This past Saturday was yet another really pathetic skit about a day in the life of Donald Trump where the writers completely failed to understand the president-elect except through the lens of having deficiencies which portrayed him as an out-of-touch bourgeoisie—the only public education definition given to them to understand wealth.  The sad irony is that before Trump the writers were free to make jokes about the political right because we don’t take things too serious.  After all, we’re used to not being represented in popular media, so we have no choice but to support liberal artists if we want some culture.  But the political left don’t know how to do the same for us because they’ve always functioned from the aristocratic assumption that their way of thinking was in the majority.   It wasn’t and now they are having a hard time understanding how to cope.

The truth of the matter is that it is extreme minorities who make everything in the world work—and those are the best of us determined to be so through intense competition, merit through education, and those who just out-work everyone else.  In Trump’s new world the engines of the world will be free to do their justice and those opponents which have guarded against innovation through statist controls are having their voice taken from them in a social context.  The engines of the world now carry the torch for the first time, and that is quite an achievement.  One that will have lasting, and deep consequences right out of the gate in 2017.  And that is a very exciting prospect.  For those who love the original Atlas Shrugged, novel, finally they get to write the sequel.  This time it won’t come to us through the great American novel, but through the Executive Branch.   And that will be a story that will literally change the world for the better.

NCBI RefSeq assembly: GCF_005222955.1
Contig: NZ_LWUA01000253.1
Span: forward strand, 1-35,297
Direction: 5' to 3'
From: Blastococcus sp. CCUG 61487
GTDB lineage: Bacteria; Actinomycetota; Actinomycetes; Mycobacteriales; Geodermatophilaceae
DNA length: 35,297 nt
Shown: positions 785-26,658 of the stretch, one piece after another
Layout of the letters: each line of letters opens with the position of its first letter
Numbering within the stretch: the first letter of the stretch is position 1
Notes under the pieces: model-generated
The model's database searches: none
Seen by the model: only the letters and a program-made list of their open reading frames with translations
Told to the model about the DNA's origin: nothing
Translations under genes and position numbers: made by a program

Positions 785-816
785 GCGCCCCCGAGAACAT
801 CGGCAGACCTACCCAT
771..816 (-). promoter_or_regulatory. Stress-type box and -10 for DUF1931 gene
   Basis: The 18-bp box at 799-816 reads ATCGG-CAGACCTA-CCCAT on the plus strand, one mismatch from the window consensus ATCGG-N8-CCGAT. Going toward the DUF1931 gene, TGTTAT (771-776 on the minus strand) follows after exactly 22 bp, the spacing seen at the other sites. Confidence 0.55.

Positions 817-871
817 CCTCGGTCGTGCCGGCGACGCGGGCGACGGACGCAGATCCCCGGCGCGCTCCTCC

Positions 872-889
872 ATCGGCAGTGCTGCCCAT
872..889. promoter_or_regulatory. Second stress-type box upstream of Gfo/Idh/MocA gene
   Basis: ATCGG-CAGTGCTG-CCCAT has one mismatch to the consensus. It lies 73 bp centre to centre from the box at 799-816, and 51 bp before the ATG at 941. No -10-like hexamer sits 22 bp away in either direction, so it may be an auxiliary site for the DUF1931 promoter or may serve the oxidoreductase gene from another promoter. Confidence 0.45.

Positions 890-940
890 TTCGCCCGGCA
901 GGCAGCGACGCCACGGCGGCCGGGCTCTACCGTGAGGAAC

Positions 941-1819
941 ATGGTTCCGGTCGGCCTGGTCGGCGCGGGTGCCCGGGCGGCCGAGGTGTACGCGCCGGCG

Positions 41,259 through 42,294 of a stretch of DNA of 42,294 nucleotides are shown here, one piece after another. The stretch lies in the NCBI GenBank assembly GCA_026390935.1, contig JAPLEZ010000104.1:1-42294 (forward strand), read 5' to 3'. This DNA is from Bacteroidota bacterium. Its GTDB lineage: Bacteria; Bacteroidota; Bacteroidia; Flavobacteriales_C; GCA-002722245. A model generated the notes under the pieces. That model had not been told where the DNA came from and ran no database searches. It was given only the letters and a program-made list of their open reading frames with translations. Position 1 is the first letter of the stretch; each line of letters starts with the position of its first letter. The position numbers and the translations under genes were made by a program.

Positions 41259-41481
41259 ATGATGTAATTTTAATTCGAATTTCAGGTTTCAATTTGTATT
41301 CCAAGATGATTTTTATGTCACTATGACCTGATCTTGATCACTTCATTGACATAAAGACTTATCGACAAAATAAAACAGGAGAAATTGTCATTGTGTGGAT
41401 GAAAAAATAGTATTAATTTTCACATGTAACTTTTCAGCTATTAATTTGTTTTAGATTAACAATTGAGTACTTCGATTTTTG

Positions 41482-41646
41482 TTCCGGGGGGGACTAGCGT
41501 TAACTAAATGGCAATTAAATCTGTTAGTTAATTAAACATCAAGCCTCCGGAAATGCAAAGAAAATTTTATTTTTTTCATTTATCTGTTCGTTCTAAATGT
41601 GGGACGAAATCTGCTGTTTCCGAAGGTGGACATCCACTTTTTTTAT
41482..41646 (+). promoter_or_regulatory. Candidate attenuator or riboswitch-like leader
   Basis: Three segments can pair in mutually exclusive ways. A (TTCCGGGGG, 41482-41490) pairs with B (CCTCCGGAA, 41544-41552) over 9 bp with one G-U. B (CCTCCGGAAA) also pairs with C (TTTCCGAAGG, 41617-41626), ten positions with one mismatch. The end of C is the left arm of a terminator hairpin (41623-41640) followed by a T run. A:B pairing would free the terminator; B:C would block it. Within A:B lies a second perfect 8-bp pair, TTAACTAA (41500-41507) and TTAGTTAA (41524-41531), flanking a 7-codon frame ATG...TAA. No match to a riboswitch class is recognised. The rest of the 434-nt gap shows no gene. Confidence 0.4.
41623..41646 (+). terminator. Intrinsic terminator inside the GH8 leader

Rich Hoffman